Sunday, 30 November 2014

They're Reigning - Cats and Dogs

With a tenuous apology for re-working an old favourite, the following instruction guide never fails to amuse me - because it's just so very true....

How to Give a Pill to a Cat and to a Dog....

Starting with the ever-so slightly more difficult cat, you need to:

1. Pick up the cat and cradle it like a baby. Place your left forefinger and thumb either side of the cat's mouth and gently apply pressure while holding the pill in your right hand. As the cat opens its mouth, pop the pill inside. Allow the cat to close its mouth and swallow.

2. Retrieve the pill from the floor and the cat from behind the sofa. Cradle the cat in your opposite arm and repeat the process.

3. Retrieve the cat from the spare bedroom and throw away the soggy pill.

4. Take a new pill from its foil wrap, cradle the cat again but now holding the rear paws tightly with your left hand. Force its jaws open and push the pill to the back of its mouth with your forefinger. Hold its mouth shut for a count of twenty.

5. Retrieve pill from fish tank and cat from top of wardrobe. Call other half indoors from the garden.

6. Kneel on floor with cat firmly wedged between knees, holding front and rear paws. Ignore the tiger-impressions from the cat. Get other half to hold its head firmly with one hand while forcing a wooden ruler into its mouth. Drop the pill down the ruler and rub the cat's throat rapidly.

7. Retrieve cat from curtain rail and get another pill from its foil wrap.Make note to buy new ruler and curtains. Carefully sweep shattered porcelain figures from the fireplace and set aside for later gluing.

8. Wrap cat in large towel and get other half to lie on it with its head just visible from below their armpit. Put pill in end of drinking straw, force the cat's mouth open with pencil and blow down drinking straw.

9. Check the label to make sure pill not harmful to humans, drink several pints of water to remove taste. Apply band-aid to other half's forearm and remove blood from carpet with soap and cold water.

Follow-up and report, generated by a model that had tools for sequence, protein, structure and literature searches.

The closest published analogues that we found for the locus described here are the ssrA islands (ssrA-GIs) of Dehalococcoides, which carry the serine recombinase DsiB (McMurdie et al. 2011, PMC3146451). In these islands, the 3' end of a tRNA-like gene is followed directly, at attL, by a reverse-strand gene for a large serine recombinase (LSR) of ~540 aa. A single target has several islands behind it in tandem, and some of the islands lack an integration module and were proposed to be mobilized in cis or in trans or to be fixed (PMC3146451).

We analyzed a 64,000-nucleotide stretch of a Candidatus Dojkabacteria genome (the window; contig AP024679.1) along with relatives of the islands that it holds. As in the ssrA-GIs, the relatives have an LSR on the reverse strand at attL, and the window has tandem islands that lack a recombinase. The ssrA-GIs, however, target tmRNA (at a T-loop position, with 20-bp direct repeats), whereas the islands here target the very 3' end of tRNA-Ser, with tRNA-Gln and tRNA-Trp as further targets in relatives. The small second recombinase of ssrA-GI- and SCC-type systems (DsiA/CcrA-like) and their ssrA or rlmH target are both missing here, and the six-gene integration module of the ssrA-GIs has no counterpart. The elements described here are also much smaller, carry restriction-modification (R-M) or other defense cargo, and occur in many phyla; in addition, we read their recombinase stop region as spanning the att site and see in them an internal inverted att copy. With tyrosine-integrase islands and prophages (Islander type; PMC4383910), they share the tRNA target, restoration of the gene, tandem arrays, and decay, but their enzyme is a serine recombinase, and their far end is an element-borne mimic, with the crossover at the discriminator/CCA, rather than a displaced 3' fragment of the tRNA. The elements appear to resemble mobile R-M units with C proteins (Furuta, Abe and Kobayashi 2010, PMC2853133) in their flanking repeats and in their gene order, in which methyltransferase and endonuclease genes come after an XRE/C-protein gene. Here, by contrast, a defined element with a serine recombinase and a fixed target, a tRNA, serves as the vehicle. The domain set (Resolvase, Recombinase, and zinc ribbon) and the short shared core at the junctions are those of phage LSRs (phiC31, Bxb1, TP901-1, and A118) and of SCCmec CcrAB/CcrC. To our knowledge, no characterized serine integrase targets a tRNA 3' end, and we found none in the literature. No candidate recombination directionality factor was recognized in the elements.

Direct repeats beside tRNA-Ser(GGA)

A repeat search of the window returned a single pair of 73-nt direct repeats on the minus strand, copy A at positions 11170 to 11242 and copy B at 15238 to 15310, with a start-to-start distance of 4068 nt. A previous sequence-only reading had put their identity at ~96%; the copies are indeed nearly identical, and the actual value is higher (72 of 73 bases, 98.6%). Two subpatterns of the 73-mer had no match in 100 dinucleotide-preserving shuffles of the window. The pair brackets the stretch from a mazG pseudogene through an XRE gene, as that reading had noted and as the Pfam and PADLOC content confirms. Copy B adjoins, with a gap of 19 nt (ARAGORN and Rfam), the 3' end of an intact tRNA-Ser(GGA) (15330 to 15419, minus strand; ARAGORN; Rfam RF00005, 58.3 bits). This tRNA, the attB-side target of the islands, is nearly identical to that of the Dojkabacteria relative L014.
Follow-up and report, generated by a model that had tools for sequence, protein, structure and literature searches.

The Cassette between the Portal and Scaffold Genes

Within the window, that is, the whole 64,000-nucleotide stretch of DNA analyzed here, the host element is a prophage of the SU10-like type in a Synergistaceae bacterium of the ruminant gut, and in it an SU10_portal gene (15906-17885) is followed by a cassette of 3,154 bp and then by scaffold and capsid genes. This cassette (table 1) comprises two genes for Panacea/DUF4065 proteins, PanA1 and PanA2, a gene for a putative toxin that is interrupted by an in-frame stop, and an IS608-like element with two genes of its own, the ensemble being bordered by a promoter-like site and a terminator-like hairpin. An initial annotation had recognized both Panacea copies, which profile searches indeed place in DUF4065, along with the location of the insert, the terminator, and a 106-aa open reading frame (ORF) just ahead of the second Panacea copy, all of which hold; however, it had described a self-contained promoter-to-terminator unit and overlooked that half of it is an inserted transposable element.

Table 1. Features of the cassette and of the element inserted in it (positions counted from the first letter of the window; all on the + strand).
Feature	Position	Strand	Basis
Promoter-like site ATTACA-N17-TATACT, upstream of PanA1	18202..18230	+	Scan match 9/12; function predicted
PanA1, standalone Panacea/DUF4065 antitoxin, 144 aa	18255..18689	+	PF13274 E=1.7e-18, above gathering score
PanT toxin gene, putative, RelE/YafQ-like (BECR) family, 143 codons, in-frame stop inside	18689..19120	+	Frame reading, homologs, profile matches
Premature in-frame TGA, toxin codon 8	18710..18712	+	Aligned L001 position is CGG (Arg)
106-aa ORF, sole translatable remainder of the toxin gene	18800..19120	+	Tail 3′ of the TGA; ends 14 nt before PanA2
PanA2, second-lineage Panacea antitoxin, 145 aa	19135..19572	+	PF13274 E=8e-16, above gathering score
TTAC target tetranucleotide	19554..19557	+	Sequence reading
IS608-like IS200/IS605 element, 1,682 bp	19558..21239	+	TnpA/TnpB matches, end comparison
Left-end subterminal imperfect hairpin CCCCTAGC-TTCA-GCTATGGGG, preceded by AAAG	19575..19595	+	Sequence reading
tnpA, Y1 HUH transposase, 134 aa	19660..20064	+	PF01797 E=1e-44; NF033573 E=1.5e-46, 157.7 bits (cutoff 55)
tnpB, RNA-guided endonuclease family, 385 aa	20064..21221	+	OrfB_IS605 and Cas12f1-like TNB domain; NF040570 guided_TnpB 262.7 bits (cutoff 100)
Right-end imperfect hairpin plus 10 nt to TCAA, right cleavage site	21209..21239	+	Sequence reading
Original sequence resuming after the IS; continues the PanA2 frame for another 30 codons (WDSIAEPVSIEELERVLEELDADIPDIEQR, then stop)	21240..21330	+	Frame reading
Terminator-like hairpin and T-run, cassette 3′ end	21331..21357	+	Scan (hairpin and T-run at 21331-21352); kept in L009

10. Retrieve cat from neighbour's shed and get another pill. Place cat in cupboard and close door onto neck to leave head showing. Force mouth open with dessert spoon. Flick pill down throat with elastic band.

11. Fetch screwdriver from toolbox and put door back on hinges. Apply cold compress to cheek and check medical records for date of last tetanus shot. Throw t-shirt away and fetch new one from bedroom.

12. Ring fire brigade to retrieve cat from across the road. Apologise to neighbour who crashed into your fence while swerving to avoid cat. Take last pill from foil wrap.

13 Tie cat's front paws to rear paws with garden twine and bind tightly to leg of dining table, find heavy-duty pruning gloves from shed, pry cat's mouth open with small spanner. Push pill into mouth followed by large piece of fillet steak. Hold head vertically and pour pint of water down throat to wash pill down.

14. Get other half to drive you to A&E, sit quietly while doctor stitches fingers and forearm and removes pill remnants from right eye. Call at furniture store on way home to order new table. Arrange for RSPCA to collect cat and ring local pet shop to see if they have any hamsters.

And for the dog -